What if you just want to limit how many things you can have or can be done? This episode will explain another side of the semaphore sometimes called a counting semaphore.

When you’re using semaphores, you have a way to wait on the availability of something, but you also really need to have some way to inform the other side when there’s more room to add something. If you really don’t have a need for some other code to run during this, then why have a whole other side in the first place? In this case, all you really need to do is have your thread signal the same semaphore that it waited on when it’s done so that some other thread can have a turn.

Just be aware that this isn’t the original intention of semaphores and that you might be overlooking an opportunity to add some extra flexibility to your code by going with a simpler design. And you might even find that what at first seemed like the simpler design just led to more complexities as you try to maintain the “simple” design.

If you want to use semaphores like this, then the method names up and down make more sense to me than signal and wait. Listen to the full episode or you can read the full transcript below.


In the last episode, I explained how you can use two semaphores in a producer/consumer situation. You can actually use this anytime you want to send and receive signals from one thread to another. And in this situation, each thread should pick a side and stick with that side of the semaphore.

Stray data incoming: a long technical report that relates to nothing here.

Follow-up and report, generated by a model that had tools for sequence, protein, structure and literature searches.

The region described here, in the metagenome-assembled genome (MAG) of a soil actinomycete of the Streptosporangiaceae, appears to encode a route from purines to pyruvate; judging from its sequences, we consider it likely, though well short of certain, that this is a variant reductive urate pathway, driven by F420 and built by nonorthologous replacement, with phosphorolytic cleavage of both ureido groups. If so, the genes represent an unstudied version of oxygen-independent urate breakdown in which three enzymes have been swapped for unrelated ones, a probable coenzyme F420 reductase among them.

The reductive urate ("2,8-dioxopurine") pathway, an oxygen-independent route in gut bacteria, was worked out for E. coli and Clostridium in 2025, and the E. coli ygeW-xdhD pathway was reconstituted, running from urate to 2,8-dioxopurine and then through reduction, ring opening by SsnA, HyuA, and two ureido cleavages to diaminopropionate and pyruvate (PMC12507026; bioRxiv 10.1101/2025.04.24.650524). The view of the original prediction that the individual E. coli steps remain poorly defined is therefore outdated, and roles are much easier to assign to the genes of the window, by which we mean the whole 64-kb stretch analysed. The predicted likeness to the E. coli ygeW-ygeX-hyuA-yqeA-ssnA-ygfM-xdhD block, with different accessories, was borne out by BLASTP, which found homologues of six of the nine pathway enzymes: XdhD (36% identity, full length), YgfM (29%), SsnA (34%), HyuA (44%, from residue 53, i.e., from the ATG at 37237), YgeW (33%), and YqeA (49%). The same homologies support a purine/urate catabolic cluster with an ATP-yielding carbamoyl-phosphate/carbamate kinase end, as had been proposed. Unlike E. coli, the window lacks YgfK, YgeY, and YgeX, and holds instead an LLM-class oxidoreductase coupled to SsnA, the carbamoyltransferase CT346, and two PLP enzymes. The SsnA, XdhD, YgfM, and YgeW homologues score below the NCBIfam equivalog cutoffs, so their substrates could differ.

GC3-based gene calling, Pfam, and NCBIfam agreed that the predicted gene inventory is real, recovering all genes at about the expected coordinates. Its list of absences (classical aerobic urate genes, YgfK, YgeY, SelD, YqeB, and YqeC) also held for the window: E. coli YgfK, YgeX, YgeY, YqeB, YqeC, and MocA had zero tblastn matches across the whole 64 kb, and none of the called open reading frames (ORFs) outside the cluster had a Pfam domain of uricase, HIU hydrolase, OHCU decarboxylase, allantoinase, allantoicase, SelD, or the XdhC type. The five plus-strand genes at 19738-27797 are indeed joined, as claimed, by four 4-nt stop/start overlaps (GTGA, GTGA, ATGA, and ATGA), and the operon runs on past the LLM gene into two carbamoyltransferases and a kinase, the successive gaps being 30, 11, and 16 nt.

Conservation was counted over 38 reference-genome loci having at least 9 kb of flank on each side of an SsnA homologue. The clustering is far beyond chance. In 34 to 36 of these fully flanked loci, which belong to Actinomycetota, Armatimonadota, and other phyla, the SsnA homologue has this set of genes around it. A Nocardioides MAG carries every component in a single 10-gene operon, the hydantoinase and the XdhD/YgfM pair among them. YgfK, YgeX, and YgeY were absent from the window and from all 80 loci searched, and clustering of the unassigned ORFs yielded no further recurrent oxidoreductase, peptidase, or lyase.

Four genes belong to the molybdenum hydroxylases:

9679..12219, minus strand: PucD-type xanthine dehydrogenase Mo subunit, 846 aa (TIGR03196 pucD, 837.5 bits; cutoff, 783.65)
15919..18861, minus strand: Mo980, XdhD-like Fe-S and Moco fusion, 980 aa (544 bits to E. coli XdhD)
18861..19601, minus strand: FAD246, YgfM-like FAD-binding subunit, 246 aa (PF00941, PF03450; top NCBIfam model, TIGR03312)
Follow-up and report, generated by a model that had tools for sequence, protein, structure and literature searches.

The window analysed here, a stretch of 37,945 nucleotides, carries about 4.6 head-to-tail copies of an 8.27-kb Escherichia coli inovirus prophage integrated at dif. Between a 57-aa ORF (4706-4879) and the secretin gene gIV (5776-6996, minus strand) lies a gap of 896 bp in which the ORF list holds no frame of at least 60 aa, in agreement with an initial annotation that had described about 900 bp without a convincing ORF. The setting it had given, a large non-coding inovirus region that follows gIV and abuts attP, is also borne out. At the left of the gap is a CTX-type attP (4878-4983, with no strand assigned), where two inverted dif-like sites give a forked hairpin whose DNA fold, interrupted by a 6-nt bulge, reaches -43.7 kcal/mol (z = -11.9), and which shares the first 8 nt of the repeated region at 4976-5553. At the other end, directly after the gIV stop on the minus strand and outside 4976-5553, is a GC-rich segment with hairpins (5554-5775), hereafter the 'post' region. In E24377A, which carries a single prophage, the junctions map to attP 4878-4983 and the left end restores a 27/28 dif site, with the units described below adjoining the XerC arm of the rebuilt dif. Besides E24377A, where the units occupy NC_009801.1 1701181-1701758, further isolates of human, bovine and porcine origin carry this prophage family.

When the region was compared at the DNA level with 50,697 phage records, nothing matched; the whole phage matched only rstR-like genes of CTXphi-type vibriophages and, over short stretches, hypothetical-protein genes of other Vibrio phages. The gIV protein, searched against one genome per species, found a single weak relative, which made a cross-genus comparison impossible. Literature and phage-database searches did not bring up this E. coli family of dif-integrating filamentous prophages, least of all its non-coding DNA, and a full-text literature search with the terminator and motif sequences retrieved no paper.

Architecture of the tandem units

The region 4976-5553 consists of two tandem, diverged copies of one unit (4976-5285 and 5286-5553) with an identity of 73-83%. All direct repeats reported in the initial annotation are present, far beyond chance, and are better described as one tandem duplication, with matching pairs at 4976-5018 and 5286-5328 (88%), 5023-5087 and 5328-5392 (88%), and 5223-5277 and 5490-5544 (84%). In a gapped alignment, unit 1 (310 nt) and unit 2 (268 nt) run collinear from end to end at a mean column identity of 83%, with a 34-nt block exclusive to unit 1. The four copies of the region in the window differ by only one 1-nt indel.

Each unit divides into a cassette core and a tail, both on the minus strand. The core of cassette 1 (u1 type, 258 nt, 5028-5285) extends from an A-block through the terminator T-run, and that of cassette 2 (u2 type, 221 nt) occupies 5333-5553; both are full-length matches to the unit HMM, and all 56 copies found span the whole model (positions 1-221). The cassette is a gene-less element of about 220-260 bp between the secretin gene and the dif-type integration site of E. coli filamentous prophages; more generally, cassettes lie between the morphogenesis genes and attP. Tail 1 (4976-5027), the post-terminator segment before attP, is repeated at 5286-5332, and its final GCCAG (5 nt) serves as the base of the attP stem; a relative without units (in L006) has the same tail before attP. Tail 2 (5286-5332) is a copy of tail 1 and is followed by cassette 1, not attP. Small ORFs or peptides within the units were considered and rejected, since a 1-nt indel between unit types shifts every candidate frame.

But there are other situations where you’re not really interested in sending signals or in producing and consuming anything. You just want to make sure that there’s a limit of some kind.

What do I mean by a limit? We have limits all the time in real life. Not the speed limit type. That’s not the kind of limit I’m talking about. Think of a restaurant that has a maximum capacity limit. For example, only 50 people are allowed inside the building at any given time.

In cases like this where you’re not interested in communicating availability of a newly produced item or consumption of something, then the advice about picking a semaphore side and sticking with it becomes clunky. When you enter the restaurant, you’re not really consuming anything. Hopefully, you’ll consume the food but that’s a different story. All you’re really doing is temporarily taking possession of one of the spaces available.

And because the possession is temporary, you really should make sure to return it when you’re done. If you don’t, then this would be like leaving the restaurant and taking the chair with you. This means that each thread representing a guest should call wait before entering the restaurant and then call signal when leaving.

After reviewing the previous episode, I also try to think of questions that you might have. Is there anything that I could have explained better? And I think I should take the time to explain more about how semaphores work before giving you yet another set of guidelines for how to use them.

I mentioned that semaphores have a capacity and a pair of methods such as signal and wait. But what does this mean? Let’s start with a small diner instead of a large restaurant. This diner can only hold 10 guests. What you can do is create a semaphore with a capacity of 10 to match the number of guests. This is the limit.

Semaphores work a little backwards that what you might suspect though. Instead of starting out at zero and going up to the limit minus one. Or in this case going from zero to nine. A semaphore instead starts out at the limit.

When a guest arrives, the guest should wait on the semaphore. You can think of waiting on a semaphore as similar to locking a mutex. If the semaphore is available, then there’s no wait and the guest can proceed. Just like if the mutex is not currently locked by another thread.